News from 100 years ago
The following news items were taken from the Mail Tribune archives 100 years ago
August 14, 1922
THE FOOD VALUE OF SAFE MILK
The estimation of the nutritive value of milk must be based not only on the various substances it contains, such as sugar, fat, casein, albumin, and salt, but on its digestibility and its peculiar utility in feeding the children The price paid for cow’s milk is very small compared to the price paid for other animal products of the same nutritional value.
A quart of milk is worth: 3/4 pound of lean beef; 8 eggs; 3 pounds fresh cod; 2 pounds chicken; 1 point oysters; 4-5 pounds pork tenderloin; 3-5 pounds of ham.
No family can get along without milk; it is the natural food for babies and children. They will work better, play better and grow better if they have lots of good milk. Get them off to a good start by providing all the rich, pure milk they’ll drink. Milk freely used in cooking improves all foods and reduces “the high cost of living.” Pure milk provides all the essential food elements in the most perfect and convenient way.
Milk is the only article of diet whose sole function in nature is to serve as food. It is a complete food, as it contains all the necessary nutrients and is easy to digest and thoroughly assimilate.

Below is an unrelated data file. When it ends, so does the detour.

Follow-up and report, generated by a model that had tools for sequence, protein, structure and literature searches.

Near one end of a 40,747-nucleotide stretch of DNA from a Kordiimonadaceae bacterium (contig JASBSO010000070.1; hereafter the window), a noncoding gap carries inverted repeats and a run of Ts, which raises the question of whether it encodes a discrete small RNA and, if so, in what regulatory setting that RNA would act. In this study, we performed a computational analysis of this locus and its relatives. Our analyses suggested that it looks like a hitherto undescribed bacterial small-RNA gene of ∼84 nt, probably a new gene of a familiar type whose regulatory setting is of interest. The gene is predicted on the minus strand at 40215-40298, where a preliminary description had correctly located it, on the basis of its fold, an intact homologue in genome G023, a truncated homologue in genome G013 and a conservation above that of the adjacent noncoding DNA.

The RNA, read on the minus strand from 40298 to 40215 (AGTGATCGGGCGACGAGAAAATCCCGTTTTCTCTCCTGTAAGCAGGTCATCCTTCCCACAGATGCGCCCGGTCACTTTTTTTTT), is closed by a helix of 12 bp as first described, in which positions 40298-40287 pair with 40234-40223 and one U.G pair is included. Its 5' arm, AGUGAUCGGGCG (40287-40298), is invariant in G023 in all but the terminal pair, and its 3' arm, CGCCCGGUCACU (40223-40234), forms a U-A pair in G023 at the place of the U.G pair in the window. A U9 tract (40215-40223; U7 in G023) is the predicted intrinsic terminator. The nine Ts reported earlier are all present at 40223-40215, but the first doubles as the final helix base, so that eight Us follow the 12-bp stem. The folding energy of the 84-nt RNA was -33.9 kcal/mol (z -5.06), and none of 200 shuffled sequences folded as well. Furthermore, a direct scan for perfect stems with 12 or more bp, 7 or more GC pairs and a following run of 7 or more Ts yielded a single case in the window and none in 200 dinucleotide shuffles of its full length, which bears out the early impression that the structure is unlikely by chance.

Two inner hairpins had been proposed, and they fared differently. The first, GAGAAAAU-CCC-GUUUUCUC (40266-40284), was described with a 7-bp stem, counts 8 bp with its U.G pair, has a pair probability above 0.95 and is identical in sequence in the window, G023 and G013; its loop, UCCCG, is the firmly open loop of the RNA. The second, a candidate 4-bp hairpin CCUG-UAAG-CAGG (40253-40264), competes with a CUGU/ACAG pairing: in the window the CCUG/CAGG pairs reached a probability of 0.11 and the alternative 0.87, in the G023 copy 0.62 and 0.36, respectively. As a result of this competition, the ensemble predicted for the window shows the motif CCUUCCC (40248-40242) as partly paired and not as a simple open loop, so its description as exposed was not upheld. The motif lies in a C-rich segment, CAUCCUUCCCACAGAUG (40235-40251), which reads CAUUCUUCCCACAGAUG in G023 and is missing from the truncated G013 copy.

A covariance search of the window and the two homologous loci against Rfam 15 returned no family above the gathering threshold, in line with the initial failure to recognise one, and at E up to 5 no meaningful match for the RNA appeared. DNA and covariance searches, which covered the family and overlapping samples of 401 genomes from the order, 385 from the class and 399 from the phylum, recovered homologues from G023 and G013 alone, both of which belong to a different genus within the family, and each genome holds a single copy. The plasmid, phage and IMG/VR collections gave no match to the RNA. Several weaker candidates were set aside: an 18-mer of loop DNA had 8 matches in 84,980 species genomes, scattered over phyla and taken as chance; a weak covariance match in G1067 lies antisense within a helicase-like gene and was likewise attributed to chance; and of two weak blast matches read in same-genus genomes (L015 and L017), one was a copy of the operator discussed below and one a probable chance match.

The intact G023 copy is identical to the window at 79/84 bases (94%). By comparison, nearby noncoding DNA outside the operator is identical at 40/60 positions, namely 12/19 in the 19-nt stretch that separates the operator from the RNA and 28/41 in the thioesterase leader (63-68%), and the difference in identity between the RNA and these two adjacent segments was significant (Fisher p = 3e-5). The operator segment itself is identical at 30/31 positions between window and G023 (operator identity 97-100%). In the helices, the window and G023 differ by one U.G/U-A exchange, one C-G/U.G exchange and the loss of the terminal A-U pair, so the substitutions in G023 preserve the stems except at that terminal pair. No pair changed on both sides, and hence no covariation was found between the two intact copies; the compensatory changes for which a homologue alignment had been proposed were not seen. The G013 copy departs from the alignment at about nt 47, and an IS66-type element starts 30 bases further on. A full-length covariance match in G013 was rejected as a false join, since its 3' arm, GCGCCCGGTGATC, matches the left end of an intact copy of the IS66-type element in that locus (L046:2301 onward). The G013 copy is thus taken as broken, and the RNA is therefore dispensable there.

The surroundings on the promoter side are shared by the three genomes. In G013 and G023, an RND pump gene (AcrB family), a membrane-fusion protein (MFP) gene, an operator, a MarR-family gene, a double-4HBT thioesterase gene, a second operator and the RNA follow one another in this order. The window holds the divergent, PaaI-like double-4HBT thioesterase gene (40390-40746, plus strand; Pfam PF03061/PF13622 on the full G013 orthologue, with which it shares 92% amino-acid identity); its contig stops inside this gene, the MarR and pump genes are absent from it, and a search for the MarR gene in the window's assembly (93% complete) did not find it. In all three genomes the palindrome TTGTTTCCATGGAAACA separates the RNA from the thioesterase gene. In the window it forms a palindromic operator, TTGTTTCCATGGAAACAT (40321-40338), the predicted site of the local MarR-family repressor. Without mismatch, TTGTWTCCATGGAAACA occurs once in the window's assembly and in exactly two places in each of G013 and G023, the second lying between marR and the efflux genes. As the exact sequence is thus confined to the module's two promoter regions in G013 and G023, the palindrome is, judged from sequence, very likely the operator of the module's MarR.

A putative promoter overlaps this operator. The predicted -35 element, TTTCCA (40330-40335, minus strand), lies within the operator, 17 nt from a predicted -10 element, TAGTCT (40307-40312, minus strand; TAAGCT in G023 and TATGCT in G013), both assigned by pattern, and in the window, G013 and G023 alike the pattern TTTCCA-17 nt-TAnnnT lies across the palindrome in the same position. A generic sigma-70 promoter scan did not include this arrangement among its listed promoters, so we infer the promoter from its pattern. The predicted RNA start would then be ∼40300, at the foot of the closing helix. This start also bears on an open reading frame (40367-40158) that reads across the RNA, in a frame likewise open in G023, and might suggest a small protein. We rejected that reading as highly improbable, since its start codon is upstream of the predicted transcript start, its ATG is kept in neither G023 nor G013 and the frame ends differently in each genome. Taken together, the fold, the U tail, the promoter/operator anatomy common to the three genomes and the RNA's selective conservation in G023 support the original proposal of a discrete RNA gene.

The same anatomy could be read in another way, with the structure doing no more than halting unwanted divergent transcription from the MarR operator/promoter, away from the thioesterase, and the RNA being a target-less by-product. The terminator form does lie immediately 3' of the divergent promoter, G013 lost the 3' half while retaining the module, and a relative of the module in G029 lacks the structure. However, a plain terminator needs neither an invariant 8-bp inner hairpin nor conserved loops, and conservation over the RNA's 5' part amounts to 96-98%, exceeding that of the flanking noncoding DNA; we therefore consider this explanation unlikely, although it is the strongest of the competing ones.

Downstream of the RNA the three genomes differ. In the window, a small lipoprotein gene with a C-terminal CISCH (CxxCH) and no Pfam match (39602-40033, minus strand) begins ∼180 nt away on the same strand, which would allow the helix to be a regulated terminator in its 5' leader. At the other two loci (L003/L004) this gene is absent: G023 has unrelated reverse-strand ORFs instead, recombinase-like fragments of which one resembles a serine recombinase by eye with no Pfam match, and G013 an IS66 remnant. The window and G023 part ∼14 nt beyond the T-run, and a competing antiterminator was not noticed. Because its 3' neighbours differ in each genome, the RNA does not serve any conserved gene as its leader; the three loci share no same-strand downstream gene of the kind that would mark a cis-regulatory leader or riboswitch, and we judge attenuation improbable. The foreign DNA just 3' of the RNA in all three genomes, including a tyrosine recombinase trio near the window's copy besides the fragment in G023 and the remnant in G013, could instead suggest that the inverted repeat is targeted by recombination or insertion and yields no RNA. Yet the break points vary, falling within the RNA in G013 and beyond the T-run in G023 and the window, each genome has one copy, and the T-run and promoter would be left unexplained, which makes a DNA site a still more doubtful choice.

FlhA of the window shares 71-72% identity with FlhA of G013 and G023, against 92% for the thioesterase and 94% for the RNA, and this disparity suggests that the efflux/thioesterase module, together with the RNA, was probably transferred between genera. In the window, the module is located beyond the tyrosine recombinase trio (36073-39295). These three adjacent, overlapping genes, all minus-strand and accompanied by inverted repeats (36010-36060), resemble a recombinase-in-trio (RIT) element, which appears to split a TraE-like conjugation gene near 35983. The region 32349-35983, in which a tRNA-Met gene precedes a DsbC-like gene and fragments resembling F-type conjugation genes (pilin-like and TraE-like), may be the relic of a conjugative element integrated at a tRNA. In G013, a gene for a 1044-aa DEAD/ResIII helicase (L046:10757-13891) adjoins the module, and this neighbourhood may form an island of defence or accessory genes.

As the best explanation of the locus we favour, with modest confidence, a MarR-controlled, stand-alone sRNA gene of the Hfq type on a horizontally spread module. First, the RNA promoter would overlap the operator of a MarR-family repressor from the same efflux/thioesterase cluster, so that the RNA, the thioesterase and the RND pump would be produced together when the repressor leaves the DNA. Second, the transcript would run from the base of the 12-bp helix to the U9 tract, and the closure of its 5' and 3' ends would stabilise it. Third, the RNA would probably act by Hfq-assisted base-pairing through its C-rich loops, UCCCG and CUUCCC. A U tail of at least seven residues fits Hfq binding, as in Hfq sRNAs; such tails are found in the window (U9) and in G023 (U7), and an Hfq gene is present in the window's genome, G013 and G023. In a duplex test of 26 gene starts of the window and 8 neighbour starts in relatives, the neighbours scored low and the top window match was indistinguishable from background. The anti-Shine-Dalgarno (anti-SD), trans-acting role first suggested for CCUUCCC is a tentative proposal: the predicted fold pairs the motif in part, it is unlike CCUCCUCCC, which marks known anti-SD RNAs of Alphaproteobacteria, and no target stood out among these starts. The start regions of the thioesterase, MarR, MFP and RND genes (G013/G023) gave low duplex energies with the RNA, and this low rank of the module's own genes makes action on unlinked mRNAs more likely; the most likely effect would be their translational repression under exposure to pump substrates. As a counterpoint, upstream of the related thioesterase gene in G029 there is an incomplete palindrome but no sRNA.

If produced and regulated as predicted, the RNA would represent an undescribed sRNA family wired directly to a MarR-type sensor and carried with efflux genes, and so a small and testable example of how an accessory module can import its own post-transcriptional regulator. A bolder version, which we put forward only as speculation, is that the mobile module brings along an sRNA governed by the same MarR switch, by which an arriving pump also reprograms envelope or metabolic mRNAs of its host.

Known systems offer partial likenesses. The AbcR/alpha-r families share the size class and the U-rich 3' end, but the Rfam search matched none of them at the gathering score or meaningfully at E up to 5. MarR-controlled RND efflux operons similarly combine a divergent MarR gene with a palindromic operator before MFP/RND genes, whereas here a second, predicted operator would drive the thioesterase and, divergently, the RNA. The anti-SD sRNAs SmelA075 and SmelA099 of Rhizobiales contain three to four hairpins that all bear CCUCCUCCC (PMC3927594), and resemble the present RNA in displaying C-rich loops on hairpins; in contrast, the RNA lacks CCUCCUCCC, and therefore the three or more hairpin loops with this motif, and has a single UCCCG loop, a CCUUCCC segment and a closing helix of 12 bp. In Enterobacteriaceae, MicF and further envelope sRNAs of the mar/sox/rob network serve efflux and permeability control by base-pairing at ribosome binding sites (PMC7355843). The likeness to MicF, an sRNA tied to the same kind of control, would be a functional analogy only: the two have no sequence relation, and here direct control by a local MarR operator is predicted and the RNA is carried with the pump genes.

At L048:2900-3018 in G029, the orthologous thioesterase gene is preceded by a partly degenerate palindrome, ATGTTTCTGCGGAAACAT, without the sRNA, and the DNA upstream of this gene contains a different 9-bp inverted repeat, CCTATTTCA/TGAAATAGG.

Its many advantages as a “tissue builder” make it especially valuable for children. Their proteins have a high nutritional value, being rich in certain essential amino acids in which cereal grains are poor. So the two make a valuable combination.
Most people do not see milk as a good food, but as a drink. Although the correct way to measure any food is by its nutritional value, that is, by the proportion of the amount assimilated and by the amount that is thrown away as waste. More than 99 percent of milk that enters the body is assimilated and accumulates in body tissue, while in other foods up to 30 percent cannot be assimilated by the body and is thrown away to waste
LOCAL AND STAFF
The perishables embargo re-announced today across the South Pacific has local fruit growers anxious about the disposition of the local crop of Bartlett pears. Oregon growers announce they intend to pack very few Bartletts with canneries. They are shipped daily to the canneries in Salem, and smaller shipments are being made to the canneries in California. The association’s local cold storage facilities have a storage capacity of 75 carloads of pears, according to association officials.
— Alyssa Corman; email@example.com